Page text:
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Manuscript Submission Deadline 04 February 2023

Visual impairment (VI) has been proposed as one of the early symptoms of dementia. Extensive investigations have reported similar neuronal and microvascular alterations in the eye and brain in patients with cognitive impairment (CIM) or dementia. Many other studies have examined the associations between different ocular diseases and causes of CIM.
VI and CIM share many risk factors such as vascular and medical co-morbidities, age, physical inactivity, etc.; and also common consequences such as falls, functional decline, deterioration of quality-of-life, and mortality. Many types of VI and CIM, meanwhile share common factors and pathophysiologic processes. For instance, age-related macular degeneration has been associated with Alzheimer and Parkinson disease.
Results of a longitudinal and a well-conducted meta-analysis specifically showed existence of a bidirectional relationship between VI and CIM. Those two studies were, however, focused only on visual acuity (using Early Treatment Diabetic Retinopathy Study charts), and cognitive status (using the Mini-Mental State Examination (MMSE) and other components of vision (such as contrast sensitivity, stereoacuity, color vision, and visual hallucination) were not included.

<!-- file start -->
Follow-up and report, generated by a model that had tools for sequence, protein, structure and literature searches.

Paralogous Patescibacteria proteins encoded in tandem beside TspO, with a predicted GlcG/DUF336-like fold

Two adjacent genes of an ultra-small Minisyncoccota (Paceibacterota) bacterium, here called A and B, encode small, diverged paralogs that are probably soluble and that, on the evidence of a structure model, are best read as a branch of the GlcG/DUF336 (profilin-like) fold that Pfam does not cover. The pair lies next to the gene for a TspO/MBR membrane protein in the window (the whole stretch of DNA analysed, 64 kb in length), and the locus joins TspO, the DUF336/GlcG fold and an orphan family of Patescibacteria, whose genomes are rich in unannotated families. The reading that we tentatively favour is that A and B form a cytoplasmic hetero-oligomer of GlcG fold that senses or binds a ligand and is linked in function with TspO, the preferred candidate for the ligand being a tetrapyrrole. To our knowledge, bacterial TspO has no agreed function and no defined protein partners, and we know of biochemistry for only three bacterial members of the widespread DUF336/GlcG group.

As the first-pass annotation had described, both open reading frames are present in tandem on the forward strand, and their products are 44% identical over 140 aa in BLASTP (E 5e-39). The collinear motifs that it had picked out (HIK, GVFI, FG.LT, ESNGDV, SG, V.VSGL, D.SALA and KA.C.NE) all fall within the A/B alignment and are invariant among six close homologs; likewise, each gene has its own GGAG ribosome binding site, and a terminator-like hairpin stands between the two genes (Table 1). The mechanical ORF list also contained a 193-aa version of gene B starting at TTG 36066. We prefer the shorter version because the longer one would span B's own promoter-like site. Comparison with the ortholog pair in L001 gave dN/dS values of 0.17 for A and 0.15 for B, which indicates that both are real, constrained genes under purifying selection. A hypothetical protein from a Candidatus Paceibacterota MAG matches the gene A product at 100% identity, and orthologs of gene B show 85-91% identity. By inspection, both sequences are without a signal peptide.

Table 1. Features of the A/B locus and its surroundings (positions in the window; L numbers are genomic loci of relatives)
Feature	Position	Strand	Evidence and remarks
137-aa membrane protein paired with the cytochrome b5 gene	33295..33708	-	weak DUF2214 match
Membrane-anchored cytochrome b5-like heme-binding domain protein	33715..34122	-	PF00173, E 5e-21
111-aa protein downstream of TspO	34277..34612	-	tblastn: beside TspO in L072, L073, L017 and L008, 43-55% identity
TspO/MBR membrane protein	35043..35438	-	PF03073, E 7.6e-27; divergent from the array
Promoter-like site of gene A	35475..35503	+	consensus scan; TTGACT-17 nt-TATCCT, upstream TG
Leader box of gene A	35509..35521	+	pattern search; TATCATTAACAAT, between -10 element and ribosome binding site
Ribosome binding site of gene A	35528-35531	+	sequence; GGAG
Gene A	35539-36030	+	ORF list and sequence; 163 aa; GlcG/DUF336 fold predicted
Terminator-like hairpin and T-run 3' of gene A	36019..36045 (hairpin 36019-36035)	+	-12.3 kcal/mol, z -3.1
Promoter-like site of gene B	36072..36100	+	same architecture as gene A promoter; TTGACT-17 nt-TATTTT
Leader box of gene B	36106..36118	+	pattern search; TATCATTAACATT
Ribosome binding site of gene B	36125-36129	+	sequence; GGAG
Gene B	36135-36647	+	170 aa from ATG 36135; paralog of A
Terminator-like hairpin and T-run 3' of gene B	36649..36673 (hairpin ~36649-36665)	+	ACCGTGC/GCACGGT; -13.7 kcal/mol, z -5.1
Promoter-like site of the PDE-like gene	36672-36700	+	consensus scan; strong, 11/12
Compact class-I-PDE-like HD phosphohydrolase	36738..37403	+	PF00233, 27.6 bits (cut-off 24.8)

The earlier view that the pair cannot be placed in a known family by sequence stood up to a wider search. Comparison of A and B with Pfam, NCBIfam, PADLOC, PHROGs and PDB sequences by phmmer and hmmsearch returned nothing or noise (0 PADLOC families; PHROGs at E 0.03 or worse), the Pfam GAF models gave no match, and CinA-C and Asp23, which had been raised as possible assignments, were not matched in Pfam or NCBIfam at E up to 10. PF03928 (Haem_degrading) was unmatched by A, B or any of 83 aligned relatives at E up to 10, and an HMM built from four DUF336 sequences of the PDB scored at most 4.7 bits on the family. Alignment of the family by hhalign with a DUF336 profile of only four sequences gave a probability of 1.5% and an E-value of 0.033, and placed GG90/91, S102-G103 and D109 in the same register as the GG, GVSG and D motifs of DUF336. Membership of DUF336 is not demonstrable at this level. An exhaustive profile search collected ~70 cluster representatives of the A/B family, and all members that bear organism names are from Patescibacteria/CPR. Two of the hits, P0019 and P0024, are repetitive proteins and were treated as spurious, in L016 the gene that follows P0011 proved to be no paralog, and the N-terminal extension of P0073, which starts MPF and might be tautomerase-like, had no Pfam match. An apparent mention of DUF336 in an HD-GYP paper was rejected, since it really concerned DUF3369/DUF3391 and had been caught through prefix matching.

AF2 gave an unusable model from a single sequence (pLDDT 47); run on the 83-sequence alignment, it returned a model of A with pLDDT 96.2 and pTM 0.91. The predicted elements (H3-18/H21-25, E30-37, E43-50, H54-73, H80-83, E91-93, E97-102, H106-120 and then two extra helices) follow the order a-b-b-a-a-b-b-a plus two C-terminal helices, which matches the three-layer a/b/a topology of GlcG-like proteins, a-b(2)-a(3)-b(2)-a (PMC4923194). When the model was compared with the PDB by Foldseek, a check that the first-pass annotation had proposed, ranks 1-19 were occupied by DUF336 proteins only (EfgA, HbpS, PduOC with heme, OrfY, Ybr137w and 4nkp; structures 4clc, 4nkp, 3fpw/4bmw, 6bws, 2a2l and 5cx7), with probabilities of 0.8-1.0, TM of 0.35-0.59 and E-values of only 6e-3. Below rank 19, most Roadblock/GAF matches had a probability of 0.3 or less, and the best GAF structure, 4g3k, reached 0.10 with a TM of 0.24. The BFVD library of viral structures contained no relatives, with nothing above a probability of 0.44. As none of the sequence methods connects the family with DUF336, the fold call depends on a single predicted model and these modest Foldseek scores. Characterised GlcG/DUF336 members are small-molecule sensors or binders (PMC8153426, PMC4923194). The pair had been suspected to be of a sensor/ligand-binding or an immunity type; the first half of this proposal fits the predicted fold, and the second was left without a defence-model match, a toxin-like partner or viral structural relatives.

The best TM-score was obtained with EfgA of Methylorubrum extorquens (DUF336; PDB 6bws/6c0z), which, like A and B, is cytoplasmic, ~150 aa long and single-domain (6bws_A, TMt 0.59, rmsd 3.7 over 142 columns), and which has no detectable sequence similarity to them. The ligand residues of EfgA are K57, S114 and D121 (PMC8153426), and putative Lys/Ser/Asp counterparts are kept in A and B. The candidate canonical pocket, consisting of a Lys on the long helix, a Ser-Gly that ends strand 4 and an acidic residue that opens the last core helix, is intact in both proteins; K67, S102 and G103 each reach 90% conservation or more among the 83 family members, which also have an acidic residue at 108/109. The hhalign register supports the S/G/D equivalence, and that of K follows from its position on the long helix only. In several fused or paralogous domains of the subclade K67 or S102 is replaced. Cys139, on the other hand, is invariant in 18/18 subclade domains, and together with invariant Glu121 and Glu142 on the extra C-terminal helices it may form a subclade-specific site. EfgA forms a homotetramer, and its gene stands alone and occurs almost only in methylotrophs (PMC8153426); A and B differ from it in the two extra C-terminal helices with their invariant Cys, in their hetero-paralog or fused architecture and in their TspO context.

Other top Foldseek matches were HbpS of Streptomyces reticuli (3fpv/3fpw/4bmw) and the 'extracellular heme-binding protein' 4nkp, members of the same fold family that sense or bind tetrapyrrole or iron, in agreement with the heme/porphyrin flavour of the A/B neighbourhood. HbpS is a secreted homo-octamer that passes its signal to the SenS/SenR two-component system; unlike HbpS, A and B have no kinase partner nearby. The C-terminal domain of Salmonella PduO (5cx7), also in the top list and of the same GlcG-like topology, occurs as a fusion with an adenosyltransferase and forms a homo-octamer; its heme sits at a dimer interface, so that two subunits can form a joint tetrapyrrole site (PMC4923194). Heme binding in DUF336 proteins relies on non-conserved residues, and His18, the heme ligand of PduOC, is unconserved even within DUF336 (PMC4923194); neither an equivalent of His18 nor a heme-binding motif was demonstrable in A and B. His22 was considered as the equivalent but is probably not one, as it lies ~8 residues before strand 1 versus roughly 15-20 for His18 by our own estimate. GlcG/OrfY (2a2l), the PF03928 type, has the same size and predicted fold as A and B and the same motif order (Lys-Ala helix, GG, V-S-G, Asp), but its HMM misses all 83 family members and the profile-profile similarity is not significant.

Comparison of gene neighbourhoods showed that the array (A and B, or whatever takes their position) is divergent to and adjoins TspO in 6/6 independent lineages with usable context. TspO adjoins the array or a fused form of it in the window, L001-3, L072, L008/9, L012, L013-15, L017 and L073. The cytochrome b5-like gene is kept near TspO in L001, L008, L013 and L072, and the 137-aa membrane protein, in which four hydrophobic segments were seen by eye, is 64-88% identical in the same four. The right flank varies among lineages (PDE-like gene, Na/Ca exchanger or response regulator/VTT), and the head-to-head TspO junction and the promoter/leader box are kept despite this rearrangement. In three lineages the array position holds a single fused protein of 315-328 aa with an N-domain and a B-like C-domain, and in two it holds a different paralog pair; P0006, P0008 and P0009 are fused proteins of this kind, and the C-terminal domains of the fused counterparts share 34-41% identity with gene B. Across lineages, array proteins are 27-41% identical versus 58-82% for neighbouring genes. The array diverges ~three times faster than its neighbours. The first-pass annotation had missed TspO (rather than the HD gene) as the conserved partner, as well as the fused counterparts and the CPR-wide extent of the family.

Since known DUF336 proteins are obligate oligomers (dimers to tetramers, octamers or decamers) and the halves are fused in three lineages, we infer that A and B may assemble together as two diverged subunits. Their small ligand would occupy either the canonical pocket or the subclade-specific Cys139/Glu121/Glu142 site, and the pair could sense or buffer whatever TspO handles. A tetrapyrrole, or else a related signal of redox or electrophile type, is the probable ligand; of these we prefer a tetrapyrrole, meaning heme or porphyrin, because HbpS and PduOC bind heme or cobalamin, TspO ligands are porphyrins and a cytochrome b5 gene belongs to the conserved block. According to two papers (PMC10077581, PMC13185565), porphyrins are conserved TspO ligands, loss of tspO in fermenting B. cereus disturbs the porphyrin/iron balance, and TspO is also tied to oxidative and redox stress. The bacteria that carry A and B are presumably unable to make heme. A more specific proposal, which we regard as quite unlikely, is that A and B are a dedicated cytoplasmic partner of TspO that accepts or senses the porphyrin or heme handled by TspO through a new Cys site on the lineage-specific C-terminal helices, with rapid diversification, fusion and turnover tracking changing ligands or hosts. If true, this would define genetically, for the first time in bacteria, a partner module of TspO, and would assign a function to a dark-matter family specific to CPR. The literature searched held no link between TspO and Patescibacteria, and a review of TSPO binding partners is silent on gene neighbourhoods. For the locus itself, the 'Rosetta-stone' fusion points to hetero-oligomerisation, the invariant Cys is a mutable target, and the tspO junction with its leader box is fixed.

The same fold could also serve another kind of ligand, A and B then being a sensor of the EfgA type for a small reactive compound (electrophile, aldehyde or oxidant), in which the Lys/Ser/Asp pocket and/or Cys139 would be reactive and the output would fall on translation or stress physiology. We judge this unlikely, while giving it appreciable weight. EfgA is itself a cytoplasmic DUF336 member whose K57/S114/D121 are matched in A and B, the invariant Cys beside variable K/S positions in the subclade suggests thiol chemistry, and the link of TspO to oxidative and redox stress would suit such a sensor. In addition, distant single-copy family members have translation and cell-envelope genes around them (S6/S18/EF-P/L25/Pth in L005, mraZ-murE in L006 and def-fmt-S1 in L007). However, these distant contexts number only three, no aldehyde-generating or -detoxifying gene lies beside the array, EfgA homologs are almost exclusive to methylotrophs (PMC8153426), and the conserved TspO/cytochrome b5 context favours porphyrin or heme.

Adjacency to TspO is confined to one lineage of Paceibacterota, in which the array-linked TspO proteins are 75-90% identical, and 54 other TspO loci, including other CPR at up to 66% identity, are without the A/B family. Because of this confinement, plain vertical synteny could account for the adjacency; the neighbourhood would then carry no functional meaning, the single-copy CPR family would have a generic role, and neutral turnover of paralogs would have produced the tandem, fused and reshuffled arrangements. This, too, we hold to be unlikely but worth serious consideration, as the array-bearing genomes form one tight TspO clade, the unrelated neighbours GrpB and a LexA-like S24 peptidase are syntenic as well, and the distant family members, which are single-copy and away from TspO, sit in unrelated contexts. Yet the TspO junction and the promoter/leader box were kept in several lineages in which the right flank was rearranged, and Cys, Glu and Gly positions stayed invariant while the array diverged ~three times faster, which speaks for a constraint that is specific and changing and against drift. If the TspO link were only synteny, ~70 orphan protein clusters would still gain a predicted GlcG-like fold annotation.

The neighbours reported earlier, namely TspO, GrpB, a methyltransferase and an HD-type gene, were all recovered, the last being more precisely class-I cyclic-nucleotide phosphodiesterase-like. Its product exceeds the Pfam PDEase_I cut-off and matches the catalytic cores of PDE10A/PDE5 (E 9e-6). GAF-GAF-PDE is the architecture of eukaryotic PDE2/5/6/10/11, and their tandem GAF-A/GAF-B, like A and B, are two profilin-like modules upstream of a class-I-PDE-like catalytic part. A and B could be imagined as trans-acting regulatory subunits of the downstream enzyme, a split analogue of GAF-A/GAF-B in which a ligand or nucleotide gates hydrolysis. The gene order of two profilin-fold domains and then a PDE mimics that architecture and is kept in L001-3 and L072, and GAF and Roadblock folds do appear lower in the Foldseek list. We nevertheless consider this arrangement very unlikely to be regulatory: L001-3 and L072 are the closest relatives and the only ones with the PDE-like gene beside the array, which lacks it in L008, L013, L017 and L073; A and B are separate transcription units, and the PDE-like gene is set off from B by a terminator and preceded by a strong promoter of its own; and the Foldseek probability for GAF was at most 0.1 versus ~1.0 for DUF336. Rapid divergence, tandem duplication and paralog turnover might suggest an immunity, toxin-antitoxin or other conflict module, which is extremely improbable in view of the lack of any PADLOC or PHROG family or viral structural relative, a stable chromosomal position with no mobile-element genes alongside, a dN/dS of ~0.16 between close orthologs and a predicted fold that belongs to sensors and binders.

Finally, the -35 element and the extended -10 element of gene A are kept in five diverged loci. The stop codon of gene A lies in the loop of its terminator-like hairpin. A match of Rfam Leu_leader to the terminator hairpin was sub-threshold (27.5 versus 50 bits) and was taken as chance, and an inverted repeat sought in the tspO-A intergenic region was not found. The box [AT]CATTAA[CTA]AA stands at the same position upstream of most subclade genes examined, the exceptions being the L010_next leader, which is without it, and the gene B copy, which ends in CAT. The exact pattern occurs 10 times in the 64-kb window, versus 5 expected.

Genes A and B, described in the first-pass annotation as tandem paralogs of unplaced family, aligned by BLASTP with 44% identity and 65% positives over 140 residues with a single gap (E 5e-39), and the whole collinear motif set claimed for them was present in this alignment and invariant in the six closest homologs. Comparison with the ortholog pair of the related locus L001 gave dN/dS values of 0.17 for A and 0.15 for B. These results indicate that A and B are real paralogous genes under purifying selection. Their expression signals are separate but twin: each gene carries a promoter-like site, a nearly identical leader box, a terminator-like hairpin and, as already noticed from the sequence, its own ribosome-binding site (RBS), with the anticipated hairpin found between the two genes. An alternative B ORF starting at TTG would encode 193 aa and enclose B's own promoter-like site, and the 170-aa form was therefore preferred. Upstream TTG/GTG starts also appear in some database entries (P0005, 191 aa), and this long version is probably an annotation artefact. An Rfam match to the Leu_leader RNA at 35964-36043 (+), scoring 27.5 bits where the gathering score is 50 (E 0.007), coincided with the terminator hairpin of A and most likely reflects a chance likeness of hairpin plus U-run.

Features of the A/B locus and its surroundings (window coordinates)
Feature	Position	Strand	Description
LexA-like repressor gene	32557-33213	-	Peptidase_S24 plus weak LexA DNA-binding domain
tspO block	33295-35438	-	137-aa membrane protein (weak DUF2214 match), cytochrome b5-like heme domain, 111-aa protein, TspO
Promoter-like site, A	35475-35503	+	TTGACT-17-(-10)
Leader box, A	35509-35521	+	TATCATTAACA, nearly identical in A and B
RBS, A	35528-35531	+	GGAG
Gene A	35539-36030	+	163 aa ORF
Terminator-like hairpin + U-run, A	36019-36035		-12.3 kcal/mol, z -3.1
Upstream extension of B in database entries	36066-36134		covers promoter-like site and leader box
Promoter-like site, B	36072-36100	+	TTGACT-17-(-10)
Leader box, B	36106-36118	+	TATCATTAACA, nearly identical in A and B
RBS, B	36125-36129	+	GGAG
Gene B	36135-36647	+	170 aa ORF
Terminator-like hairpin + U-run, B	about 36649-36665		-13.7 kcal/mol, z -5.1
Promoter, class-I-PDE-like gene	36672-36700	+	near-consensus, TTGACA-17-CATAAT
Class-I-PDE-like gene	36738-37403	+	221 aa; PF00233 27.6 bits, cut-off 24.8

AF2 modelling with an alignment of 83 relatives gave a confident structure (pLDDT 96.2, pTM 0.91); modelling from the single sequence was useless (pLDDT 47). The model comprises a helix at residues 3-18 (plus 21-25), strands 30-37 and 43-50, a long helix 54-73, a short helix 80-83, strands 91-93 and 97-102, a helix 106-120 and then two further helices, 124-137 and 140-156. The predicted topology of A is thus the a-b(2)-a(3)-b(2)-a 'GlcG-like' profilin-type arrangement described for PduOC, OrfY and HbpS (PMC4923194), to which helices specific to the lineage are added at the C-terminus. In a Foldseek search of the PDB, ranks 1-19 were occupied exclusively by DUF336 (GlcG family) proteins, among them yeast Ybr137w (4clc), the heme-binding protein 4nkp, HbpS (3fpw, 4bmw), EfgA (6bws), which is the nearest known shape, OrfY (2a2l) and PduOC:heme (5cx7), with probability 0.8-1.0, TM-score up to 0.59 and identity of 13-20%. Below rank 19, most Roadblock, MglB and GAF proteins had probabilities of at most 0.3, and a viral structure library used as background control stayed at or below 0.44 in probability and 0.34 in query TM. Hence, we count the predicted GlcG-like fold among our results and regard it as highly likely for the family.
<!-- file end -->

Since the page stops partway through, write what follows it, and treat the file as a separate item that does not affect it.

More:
Given that the brain and eye are neural tissues derived from the same embryonic germ layer, the coincidence of developmental anomalies of these organs is not surprising. It was recently shown that some specific aquaporins (AQP) have regional functions in development of refractive index in the zebrafish eye lens. In humans, specific refractive errors are associated with some specific CIMs. Given that, in principle, there are no qualitative differences between the AQPs of the visual system and the central nervous system, early acquisition of patterns of these and similar easily accessible/measurable ocular markers/biomarkers and indices would provide a next generation biotechnology for early diagnosis of brain diseases (and vice versa), with high sensitivity/precision/accuracy and cost-effectively.

If bidirectional relationships are present among different types of VI and different types of CIM, and if such associations could be determined at early stages using easily measurable biomarkers, it will provide unique opportunities for developing early detection and management of risk factors for both VI and CIM in all age groups.

This Research Topic calls for original papers, study protocols, thought experiments and synthetic reviews as a basis for future studies exploring the potential of ophthalmology and neuroscience for prediction or anticipation of neurologic and ophthalmic situations. It is expected that submitted manuscripts will help novel technical and methodological developments.